Girl Scouting began in Utah in 1921 out of a desire of several wealthy women to help build the character of young girls in Ogden. Exhibiting many elements of the "social gospel" aspect of progressivism, they adopted the Girl Scout program which emphasized preparation for practical living, appreciation of nature, and development of character.
Since the first troops were organized in Ogden, Girl Scouting slowly spread throughout the rest of the state, resulting in several Councils and Lone Troops. After responding to a call for consolidation from the National Girl Scout Council the Utah Scouts made a dramatic change in 1961 to a single Council: The Utah Girl Scout Council.
Although growth in size has been fairly steady, the Girl Scouts have encountered the unique problem of dealing with a dominant religious community, the LDS Church, which has demonstrated ambiguous feelings about the Girl Scout program. Nevertheless, the Girl Scouts have played an important role in Utah's communities and have continued to grow and strengthen.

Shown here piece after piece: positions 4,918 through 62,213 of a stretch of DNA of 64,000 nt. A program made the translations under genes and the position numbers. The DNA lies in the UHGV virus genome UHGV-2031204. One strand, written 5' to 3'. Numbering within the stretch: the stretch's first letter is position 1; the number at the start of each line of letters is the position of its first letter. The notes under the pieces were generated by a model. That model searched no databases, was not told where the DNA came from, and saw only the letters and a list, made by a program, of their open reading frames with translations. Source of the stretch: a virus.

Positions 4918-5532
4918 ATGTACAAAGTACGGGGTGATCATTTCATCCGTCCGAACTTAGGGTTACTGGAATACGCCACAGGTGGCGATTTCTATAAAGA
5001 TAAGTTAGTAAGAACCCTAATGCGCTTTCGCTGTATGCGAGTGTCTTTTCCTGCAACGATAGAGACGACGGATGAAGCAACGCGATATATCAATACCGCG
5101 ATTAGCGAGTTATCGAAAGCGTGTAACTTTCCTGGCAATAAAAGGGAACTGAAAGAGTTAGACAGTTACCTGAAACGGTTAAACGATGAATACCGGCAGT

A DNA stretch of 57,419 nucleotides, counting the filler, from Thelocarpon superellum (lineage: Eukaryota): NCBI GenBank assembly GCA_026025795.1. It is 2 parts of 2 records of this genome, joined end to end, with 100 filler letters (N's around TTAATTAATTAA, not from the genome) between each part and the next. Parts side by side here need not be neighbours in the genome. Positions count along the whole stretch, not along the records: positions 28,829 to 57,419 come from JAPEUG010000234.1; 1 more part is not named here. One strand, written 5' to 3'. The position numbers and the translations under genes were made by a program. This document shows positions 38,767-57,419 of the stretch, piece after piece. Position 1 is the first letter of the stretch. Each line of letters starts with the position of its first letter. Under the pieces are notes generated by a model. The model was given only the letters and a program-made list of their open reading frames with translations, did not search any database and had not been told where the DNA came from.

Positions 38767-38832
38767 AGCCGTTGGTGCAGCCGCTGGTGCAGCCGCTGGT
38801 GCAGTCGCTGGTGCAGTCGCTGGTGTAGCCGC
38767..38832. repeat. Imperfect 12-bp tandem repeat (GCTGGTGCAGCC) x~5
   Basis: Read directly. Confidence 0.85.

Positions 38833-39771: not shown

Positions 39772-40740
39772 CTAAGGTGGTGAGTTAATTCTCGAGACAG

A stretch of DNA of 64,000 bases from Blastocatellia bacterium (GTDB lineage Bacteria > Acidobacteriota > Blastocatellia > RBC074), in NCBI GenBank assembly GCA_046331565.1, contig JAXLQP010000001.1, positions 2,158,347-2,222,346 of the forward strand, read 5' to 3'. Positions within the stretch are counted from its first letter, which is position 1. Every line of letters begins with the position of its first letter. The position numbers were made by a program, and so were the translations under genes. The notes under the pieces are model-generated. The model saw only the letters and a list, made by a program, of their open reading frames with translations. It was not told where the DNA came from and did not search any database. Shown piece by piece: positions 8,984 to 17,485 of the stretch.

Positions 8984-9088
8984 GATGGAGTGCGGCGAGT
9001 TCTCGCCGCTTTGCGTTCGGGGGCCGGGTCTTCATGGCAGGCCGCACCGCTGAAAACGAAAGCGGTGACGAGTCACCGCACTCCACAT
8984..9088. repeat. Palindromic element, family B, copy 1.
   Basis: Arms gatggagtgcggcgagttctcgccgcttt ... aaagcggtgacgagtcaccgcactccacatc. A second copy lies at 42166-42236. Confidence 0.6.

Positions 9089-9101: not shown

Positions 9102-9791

College and Department
Family, Home, and Social Sciences; History
BYU ScholarsArchive Citation
Lund, Jennifer L., "The Girl Scouts in Utah: An Administrative History, 1921-1985" (1986). Theses and Dissertations. 4891.
Girl Scouts, Utah, History, Mormon Church, Relations